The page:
Three Rhodes Scholars reflect range of academic interests, backgrounds

Three University of Chicago students were named 2010-2011 Rhodes Scholars on Sunday, advancing their studies in fields ranging from linguistics to public policy and biochemistry.

The recipients are Anna Alekseyeva and John Scotti from the Class of 2011, and Prerna Nadathur, a 2010 graduate of the College.

The University of Chicago is one of only three institutions this year with as many as three Rhodes Scholars; the others are Harvard University and Stanford University.

In all, 32 American men and women received the prestigious academic scholarship for study in the United Kingdom. A total of 48 UChicago students have received Rhodes Scholarships since 1904; the number includes 19 recipients in the last 12 years alone.

Awards show “intellectual leadership”

 “This brilliant achievement is a measure of intellectual leadership, creativity, and extraordinary dedication on the part of our students in the College,” said Dean John Boyer, John W. Boyer, Dean of the College and the Martin A. Ryerson Distinguished Service Professor in History.  “I am also struck by the diversity of academic passions and personal backgrounds among this year's winners. We are all enormously happy for Prerna, Anna and John, who have brought our community great pride."

Alekseyeva, a history and public policy major, is a native of St. Petersburg, Russia, who moved to America as a child; her current home is Creve Coeur, Mo. She has interned at the Brookings Institution and Human Rights Watch, and is a Student Marshall. Nadathur is a mathematics major from Roseville, Minn., who also studies linguistics and philosophy, writes poetry and fiction, played violin in the University chamber orchestra, and has pursued classical Indian dance. While a student she co-founded a chapter of Students for a Democratic Society. Scotti, a biological chemistry major from San Diego, plays jazz piano, is passionate about Latin and Roman history, and loves to surf.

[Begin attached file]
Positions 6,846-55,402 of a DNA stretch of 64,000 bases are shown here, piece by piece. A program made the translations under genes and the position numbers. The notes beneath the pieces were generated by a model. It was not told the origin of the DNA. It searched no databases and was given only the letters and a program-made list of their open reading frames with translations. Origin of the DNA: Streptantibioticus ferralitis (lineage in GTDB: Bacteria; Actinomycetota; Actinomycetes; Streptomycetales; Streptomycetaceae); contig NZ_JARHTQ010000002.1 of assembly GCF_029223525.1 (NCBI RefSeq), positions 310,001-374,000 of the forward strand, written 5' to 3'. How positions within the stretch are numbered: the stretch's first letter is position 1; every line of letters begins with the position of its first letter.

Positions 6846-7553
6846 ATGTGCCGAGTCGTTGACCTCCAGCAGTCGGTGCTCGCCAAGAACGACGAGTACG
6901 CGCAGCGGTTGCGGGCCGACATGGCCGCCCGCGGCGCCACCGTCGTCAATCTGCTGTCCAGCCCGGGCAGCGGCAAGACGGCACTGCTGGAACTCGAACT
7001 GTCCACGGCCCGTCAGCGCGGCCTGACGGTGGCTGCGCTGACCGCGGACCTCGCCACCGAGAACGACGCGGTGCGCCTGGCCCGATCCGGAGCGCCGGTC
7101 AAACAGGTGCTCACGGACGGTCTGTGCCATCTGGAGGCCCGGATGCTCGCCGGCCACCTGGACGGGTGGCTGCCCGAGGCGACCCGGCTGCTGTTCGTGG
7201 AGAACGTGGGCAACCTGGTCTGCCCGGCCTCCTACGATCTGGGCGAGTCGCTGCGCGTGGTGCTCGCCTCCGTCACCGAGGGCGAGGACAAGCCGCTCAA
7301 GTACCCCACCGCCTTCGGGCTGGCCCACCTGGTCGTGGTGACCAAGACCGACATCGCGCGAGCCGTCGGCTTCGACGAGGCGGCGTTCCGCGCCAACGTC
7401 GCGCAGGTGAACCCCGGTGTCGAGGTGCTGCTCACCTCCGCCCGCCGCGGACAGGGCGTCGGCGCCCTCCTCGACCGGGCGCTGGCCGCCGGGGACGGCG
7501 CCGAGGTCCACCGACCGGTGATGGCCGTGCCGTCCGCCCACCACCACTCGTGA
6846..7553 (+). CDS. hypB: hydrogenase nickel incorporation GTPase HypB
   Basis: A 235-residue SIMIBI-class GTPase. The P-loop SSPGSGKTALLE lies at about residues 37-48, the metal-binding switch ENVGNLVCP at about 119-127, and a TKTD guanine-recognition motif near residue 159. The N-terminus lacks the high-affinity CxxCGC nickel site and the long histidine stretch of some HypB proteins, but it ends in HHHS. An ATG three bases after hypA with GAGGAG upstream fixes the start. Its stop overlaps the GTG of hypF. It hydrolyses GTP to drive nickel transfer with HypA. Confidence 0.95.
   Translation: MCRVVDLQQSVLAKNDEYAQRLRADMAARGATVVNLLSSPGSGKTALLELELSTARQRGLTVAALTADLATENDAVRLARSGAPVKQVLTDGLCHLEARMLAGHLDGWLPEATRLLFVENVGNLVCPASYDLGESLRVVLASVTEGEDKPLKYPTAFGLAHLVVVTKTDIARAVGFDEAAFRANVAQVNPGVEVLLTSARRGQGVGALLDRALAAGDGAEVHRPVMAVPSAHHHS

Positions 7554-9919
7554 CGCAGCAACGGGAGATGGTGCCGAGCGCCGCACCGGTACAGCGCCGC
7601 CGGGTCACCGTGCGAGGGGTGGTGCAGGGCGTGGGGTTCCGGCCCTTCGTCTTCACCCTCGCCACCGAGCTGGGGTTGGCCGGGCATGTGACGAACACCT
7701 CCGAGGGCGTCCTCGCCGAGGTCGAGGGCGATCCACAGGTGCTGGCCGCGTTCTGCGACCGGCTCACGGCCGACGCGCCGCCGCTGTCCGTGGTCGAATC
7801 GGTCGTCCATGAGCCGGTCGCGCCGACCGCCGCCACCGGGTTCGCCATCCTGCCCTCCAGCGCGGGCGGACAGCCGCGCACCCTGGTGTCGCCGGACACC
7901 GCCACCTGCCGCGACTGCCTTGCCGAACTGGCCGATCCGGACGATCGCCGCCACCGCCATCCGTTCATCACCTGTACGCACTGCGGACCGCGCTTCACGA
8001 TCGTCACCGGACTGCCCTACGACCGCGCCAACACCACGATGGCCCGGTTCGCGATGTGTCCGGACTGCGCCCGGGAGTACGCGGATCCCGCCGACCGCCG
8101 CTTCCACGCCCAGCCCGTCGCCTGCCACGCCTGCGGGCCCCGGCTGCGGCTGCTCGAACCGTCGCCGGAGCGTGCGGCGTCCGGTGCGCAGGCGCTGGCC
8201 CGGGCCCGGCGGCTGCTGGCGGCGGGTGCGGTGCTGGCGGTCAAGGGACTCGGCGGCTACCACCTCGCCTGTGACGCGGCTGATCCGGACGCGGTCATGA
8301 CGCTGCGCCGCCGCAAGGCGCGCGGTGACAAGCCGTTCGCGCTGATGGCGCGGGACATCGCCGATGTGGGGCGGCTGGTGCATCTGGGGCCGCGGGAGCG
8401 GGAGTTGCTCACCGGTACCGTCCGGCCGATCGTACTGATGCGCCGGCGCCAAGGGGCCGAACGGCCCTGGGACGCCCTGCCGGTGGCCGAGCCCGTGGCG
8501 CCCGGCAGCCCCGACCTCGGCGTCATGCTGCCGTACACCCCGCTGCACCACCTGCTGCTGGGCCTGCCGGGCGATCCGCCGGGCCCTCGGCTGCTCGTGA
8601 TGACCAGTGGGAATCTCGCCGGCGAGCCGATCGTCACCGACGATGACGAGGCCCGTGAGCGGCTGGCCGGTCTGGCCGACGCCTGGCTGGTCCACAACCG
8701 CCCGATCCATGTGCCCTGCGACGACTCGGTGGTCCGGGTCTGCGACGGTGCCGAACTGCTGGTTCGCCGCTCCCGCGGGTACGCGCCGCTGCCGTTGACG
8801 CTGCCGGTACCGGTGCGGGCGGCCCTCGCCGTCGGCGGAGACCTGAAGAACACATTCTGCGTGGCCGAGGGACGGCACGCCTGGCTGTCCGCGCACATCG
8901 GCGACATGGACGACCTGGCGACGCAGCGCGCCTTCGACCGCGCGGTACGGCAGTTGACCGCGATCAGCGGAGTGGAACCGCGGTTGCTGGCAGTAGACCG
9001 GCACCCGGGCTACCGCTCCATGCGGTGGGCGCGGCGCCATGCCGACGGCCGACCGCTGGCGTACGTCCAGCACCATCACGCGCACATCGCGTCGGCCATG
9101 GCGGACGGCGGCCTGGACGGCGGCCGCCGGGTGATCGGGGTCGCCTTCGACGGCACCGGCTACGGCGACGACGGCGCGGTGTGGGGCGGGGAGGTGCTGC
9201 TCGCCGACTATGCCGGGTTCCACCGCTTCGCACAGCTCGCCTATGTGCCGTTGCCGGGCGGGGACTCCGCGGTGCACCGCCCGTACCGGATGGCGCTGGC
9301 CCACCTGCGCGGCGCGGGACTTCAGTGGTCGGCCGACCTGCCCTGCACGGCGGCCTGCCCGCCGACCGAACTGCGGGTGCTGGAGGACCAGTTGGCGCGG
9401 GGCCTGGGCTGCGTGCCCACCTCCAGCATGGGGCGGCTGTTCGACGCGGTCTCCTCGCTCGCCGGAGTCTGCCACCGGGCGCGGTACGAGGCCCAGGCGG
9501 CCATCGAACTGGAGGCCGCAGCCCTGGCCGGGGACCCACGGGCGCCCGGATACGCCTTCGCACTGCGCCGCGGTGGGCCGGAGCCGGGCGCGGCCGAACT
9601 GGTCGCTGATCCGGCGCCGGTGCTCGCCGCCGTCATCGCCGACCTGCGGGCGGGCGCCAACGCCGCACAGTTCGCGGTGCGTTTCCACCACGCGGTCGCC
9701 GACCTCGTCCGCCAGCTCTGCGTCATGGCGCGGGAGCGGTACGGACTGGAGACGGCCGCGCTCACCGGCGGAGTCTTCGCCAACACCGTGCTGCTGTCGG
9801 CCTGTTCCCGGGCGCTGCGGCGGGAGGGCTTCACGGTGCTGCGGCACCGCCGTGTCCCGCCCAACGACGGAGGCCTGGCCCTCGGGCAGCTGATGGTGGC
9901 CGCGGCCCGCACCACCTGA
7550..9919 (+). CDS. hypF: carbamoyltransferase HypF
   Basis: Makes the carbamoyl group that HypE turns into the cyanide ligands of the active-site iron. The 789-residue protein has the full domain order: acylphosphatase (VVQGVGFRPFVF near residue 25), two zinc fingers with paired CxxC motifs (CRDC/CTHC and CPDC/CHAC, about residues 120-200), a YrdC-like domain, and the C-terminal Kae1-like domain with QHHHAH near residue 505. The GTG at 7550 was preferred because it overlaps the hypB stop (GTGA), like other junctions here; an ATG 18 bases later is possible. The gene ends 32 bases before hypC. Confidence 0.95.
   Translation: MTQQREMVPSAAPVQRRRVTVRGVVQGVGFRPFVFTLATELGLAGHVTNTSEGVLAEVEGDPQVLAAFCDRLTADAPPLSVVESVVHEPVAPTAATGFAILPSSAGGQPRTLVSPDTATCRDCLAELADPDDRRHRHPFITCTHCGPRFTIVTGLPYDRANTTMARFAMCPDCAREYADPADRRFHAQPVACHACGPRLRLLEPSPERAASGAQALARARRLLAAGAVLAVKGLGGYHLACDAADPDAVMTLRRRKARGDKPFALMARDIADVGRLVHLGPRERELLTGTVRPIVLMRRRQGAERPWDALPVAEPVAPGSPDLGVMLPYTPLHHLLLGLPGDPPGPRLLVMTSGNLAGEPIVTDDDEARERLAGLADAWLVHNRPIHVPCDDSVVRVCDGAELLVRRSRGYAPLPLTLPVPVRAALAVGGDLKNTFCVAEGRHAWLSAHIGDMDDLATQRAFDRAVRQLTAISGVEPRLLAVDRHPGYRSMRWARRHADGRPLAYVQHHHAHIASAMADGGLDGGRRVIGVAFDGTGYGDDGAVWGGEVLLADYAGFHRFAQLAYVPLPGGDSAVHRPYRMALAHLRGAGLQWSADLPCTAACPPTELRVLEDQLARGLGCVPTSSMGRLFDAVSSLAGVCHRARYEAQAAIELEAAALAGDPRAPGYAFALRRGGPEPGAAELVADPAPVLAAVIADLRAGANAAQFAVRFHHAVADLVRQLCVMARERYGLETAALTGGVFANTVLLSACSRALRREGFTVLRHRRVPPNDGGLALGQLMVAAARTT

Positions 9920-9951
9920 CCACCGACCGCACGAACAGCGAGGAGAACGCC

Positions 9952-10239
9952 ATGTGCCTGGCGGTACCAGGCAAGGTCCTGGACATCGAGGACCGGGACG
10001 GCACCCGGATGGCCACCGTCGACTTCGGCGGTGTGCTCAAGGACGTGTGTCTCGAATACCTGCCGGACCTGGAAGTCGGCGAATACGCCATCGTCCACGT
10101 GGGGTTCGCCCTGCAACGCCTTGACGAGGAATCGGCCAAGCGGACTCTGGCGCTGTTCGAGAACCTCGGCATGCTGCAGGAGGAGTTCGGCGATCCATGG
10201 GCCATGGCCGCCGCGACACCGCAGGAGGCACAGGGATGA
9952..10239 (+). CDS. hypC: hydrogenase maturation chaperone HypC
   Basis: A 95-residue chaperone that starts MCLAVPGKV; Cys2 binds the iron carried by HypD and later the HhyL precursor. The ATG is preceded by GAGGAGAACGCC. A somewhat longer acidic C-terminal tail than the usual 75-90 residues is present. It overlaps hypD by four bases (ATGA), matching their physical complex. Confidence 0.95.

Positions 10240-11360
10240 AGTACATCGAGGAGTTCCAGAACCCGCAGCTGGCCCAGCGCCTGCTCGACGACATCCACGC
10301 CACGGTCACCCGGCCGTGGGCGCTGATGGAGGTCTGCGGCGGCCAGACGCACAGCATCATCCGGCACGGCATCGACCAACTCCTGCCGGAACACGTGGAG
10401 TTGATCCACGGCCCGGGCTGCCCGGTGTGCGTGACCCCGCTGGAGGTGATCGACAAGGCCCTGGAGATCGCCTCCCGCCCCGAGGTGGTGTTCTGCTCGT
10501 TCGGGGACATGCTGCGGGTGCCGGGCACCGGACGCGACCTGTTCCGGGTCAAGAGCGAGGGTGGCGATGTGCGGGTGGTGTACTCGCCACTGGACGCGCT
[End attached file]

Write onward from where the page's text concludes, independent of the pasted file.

“These three students are tremendously talented and are poised to make truly significant contributions to their respective fields,” said Amanda Norton, Lead Adviser for Scholarships and Fellowships in the Office of the Dean of Students in the College. “They have worked very hard over the last six months and we are extremely pleased that they will continue their studies at Oxford next fall.”

Inspiration fuels students’ varied interests

Alekseyeva, 21, said her grandmother inspired her passion for refugee and migrant issues. “She always stressed the importance of understanding your past,” Alekseyeva said. One of her main academic interests is how migration affects development in the home countries of migrants.

“There’s a lot of focus on how migration is caused by underdevelopment, but migration can also contribute to development,” she said, noting that many migrants send money home and later return to work in their home countries again.

Alekseyeva hopes to use what she learns in a program on development to someday work on human rights law or to focus on the rule of law in state reconstruction.

Nadathur’s link to the Rhodes is strong.  Her mother, Ameeta Kelekar, was a finalist in India in 1977, the first year women were allowed to apply for the scholarship.

“It feels great,” Kelekar said of her daughter’s award.

Nadathur, 22, attended high school in St. Paul, Minn. She is currently at the University of Minnesota, working as a teaching assistant in Mathematics. 

Scotti, 21, a biochemistry major and jazz pianist, said synthetic chemistry bears similarities to jazz improvisation. Both pursuits allow him to experiment using a foundation of knowledge he has gained over many years. “Like jazz solos, the best syntheses are those that take universal chemical principles and apply them in a clever, unforeseen way to a specific molecule,” he wrote in his application.

Scotti said he aspires to become a professor at a research university so he can pursue work to develop human therapeutic agents. He described his final Rhodes interview as wide-ranging.

“I launched into a spiel about the state of science education and literacy in the United States and what we can do to improve it,” he said. “I basically talked about doing chemistry-outreach to middle school and how we need to divert from incentive-based learning to inquiry-based learning. … You are trying to make them excited about the experiment itself and not just the results of the experiment.”